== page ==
Movie Review: Women Talking

A well-known fundamental rule of screenwriting. Show, do not tell. A huge exception to this rule is one of the 2022 Academy Award-nominated movies for best picture, “Women Talking”. This movie is almost entirely about dialogue, women talking about the same thing in a group or with each other. Within an Amish community, some women are being abused by men in their group. This entire story is about the women planning to leave this community and go somewhere else. Exactly where they plan to go, is not fully defined, but the phenomenon of this film is how little it is about and yet the screenwriter found a way to drag this on for a full two hours. The other phenomenon that a movie this boring and about almost nothing is one of the 10 Academy Award-nominated films for 2022.

The acting is solid throughout, with some very relevant women actors including Rooney Mara, Claire Foy, Frances McDormand and Judith Ivey. All of them were able to read the script, then stay awake, and then decided to make this movie. This movie might just have more dialogue than any film ever made. Yes this is a new idea, a different perspective for movie making but for an audience, this can be difficult to sit through.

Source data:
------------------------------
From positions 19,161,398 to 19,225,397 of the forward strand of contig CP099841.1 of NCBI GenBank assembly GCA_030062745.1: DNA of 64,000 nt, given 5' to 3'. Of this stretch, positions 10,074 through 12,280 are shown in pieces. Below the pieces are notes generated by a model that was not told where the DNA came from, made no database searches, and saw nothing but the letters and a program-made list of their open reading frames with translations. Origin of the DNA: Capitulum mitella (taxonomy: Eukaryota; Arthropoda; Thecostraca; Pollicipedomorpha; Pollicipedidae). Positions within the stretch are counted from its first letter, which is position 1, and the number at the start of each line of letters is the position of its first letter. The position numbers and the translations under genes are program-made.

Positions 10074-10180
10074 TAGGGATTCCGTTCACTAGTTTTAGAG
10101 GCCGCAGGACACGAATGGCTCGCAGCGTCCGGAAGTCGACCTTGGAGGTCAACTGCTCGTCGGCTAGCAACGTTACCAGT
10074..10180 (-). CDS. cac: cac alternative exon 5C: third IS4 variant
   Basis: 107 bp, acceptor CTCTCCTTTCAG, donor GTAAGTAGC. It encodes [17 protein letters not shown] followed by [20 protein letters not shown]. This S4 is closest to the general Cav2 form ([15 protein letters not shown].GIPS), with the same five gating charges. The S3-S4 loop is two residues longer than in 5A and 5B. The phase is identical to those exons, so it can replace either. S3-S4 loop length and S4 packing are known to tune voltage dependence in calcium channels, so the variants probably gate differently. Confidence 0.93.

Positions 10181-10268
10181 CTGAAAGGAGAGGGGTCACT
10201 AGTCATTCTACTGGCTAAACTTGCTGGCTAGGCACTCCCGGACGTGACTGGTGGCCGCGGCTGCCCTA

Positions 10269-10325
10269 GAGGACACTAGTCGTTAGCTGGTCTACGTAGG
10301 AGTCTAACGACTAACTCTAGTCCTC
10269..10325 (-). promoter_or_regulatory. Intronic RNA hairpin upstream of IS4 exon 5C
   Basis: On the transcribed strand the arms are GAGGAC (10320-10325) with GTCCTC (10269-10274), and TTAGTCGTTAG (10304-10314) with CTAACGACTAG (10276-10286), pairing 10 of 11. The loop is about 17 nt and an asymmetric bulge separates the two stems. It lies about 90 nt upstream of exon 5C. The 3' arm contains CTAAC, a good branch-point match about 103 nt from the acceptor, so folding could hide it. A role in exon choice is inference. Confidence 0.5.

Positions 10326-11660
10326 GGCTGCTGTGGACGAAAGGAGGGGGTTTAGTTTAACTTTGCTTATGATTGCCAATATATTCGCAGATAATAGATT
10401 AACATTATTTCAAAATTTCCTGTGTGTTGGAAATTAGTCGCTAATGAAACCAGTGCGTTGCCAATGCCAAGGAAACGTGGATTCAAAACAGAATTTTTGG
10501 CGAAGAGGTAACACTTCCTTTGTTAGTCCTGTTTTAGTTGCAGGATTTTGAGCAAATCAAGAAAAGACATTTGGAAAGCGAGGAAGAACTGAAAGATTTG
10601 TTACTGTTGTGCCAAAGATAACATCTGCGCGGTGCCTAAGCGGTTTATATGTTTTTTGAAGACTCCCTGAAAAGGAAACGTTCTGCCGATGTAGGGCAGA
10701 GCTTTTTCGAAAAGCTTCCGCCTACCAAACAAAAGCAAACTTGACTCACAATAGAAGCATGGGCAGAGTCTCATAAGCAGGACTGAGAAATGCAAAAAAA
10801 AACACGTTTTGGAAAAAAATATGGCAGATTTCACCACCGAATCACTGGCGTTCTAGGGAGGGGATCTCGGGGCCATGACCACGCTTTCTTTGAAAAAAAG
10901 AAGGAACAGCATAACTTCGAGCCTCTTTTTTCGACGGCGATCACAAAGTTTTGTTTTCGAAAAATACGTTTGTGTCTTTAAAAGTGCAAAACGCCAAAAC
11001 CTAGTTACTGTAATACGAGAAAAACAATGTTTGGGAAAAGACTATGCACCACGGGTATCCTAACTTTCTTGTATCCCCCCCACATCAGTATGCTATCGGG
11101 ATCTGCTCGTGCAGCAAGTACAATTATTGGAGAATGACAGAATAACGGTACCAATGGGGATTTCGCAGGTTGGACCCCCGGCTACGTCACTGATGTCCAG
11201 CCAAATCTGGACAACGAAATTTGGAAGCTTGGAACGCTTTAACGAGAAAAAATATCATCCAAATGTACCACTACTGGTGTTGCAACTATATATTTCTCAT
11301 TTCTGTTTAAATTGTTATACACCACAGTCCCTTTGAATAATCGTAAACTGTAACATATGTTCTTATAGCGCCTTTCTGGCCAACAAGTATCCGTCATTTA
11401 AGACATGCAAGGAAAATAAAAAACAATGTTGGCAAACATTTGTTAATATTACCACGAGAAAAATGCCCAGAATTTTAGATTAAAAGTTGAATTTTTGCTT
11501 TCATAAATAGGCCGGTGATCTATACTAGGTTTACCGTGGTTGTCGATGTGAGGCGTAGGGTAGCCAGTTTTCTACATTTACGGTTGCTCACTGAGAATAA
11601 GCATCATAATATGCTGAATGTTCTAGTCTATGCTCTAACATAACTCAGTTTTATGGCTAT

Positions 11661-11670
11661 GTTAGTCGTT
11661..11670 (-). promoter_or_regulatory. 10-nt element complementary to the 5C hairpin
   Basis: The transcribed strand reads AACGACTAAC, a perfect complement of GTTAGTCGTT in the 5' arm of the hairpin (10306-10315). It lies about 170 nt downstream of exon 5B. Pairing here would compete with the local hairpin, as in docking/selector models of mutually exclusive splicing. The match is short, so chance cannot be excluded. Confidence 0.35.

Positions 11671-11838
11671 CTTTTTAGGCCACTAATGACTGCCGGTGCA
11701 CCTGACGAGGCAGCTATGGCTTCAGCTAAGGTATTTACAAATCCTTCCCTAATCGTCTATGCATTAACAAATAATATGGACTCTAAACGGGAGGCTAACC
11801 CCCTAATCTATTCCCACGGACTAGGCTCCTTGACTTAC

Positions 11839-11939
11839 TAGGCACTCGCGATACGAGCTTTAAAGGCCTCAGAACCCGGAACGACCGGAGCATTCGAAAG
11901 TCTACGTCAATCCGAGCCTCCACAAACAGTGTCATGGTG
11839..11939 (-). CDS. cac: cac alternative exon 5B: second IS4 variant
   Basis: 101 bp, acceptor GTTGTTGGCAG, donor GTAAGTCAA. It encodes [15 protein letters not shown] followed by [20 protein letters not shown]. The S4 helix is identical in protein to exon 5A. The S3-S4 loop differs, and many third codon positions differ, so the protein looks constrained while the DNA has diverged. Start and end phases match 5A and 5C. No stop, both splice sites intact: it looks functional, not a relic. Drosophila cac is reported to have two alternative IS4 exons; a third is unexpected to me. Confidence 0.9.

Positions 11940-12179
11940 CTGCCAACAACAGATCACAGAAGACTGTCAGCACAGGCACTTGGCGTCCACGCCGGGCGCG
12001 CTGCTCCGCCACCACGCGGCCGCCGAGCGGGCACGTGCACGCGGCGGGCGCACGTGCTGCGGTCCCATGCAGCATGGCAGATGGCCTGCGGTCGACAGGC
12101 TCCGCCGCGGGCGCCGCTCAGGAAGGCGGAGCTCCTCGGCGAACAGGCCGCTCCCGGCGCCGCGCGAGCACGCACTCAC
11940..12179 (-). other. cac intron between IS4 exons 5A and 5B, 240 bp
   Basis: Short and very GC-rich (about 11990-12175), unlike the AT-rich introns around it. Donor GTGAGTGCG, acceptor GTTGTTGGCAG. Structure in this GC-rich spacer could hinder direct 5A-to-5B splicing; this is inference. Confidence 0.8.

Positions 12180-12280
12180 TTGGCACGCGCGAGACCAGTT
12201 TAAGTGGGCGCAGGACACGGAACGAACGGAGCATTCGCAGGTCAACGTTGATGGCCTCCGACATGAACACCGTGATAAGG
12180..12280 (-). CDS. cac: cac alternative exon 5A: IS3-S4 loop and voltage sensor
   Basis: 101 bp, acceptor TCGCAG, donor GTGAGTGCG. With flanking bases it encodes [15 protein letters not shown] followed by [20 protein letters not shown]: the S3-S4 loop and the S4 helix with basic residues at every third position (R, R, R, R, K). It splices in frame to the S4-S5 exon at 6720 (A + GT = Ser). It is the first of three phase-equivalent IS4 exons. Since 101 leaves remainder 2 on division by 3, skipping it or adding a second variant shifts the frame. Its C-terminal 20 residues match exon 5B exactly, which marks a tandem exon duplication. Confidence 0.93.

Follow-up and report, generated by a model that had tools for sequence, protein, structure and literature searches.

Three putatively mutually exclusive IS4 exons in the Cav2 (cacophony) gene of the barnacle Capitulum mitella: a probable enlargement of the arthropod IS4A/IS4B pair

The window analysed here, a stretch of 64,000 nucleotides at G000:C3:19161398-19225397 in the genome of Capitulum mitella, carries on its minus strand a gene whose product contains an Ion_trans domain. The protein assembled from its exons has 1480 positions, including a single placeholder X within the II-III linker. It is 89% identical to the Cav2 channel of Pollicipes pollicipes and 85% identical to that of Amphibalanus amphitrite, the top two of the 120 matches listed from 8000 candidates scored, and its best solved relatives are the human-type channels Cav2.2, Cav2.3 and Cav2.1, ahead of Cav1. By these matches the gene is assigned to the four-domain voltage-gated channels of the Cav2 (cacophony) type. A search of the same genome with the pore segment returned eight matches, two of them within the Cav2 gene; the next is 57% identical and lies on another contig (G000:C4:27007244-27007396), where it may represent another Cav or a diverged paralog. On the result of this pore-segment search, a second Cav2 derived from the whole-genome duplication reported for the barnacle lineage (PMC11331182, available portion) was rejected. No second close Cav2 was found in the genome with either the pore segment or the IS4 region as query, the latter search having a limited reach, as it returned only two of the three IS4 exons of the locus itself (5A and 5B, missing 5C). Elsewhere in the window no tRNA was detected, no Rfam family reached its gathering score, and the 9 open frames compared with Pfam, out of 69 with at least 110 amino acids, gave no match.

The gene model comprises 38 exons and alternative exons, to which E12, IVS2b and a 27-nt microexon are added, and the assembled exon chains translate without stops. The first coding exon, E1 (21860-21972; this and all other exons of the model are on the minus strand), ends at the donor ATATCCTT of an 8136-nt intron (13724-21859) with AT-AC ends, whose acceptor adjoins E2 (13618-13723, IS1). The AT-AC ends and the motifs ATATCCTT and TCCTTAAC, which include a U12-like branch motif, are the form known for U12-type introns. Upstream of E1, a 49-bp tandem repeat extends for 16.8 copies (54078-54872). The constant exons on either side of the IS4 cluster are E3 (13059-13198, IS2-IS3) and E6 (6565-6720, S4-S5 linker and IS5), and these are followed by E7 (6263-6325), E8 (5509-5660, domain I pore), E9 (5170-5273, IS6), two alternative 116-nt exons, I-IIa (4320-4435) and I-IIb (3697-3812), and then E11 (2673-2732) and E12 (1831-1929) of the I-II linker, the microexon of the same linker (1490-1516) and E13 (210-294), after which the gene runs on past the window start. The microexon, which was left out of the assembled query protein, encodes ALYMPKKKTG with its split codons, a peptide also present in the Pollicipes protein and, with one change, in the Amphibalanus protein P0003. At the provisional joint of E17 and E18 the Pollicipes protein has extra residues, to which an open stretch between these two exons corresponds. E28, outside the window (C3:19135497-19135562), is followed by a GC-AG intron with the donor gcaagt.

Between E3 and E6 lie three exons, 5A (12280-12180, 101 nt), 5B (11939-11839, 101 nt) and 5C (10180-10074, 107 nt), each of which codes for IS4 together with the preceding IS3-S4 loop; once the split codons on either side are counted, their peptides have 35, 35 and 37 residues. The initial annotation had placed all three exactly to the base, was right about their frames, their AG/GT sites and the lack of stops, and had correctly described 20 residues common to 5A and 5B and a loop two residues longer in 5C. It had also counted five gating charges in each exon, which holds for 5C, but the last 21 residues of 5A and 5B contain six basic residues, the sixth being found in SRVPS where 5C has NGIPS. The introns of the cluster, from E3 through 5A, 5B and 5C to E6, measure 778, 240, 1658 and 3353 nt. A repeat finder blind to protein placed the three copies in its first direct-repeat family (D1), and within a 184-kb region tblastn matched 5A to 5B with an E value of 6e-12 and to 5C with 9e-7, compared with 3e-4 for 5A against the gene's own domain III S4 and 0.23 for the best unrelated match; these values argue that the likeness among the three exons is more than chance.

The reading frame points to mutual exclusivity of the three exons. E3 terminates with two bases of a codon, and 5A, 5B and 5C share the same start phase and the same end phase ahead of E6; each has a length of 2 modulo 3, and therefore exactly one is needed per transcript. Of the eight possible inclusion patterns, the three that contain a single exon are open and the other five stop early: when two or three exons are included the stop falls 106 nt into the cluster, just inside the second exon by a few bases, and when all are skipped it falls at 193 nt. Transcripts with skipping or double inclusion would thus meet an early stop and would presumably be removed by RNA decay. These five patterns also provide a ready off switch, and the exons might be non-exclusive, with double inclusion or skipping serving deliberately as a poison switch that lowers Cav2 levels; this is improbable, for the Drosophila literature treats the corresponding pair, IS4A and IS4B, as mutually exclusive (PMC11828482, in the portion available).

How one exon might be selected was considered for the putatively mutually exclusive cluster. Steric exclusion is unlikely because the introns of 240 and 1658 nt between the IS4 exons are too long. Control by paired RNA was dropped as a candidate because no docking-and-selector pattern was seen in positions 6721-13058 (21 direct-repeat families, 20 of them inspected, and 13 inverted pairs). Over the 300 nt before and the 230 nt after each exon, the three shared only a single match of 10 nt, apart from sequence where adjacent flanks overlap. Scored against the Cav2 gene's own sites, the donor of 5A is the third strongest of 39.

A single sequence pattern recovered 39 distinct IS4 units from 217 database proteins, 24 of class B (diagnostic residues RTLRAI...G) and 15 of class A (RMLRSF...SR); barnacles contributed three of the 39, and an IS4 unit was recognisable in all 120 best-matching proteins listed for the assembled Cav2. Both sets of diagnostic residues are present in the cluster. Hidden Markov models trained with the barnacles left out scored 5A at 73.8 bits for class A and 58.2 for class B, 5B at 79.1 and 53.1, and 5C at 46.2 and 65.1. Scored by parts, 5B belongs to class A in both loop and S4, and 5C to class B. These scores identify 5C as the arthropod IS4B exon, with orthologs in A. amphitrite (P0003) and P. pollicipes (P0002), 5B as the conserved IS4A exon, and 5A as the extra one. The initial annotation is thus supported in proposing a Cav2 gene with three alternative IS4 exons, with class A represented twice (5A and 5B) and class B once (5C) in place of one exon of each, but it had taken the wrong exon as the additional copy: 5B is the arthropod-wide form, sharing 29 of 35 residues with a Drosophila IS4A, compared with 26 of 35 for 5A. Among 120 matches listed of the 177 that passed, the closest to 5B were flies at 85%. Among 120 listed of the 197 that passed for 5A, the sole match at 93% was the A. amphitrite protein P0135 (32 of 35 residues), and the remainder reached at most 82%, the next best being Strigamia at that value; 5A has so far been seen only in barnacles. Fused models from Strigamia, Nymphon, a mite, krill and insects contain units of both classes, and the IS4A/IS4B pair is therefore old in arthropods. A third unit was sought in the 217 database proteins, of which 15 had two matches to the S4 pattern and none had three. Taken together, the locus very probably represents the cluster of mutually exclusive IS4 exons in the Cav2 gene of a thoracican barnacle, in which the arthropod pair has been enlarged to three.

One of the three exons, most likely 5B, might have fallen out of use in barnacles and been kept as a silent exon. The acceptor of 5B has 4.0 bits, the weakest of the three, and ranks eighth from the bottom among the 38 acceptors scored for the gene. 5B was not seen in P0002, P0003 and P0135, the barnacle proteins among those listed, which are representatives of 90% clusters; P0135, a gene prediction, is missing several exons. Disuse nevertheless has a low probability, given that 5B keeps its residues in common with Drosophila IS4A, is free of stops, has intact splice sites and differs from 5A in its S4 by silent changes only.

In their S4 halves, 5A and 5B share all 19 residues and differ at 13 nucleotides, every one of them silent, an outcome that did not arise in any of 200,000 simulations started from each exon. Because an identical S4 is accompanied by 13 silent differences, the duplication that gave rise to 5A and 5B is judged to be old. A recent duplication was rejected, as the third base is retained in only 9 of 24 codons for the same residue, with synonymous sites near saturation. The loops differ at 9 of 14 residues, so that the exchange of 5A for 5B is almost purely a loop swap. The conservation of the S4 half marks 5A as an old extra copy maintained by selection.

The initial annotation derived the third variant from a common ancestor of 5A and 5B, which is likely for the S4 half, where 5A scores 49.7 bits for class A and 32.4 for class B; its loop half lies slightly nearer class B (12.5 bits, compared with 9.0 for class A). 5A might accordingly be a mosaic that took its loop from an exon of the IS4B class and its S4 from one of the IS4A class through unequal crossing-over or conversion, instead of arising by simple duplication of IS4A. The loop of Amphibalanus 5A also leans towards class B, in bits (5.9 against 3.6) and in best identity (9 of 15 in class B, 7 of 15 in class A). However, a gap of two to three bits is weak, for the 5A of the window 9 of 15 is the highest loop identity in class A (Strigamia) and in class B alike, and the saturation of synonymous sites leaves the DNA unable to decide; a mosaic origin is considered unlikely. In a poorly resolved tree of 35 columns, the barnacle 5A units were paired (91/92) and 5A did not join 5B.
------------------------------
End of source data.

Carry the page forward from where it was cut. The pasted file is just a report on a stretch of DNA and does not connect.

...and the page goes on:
The Rotten Tomatoes rating of 90% is understandable for the effective acting, but for the overall movie-going experience, I give this one a 70% and recommend this one only for the most die-hard fans of the actors involved, not for the overly long and too boring story.

Movie Review: Knock at the Cabin

If any aspiring screenwriter, no matter how desperate to break into the movie industry (even if they were connected to some agency) were to submit the script for “Knock at the Cabin”, the reason for the rejections would be the same. “This idea is just too off the wall, too crazy, and does not make sense”.

There is a family of two gay men and one very cute Chinese girl, named Wen, played by Kristen Cui who is about 6 years old. Four people break into their cabin and insist that there is a series of events that are going to end all life on planet earth – unless one of the 3 people in this family agrees to sacrifice themselves to save the world. As this idea drags on, each one of the 4 people who invade the cabin agrees to have themselves killed with an ax after they put a white hood over their heads. What? Why is this necessary that these people who break into the house also must kill themselves? How does having one of the 3 people in the cabin agree to die going to prevent the apocalypse? Can this story give more detail, be more specific? Make some sense?

Apparently, the 4 people who break into the cabin have seen visions of earthquakes, tsunamis, and even airplanes falling out of the sky and now all of this is happening in real-time. But no explanation is given as to how or why human sacrifice is going to prevent the end of the world. How can a glaring hole this big exist in an M. Night Shyamalan movie? There are a series of televised news stories that are shown to the 3 people in the cabin, to prove to them that the end of the world is coming. But why not also explain to them, how exactly might their human sacrifice save the world? What did their premonitions tell them about this most important part of the story?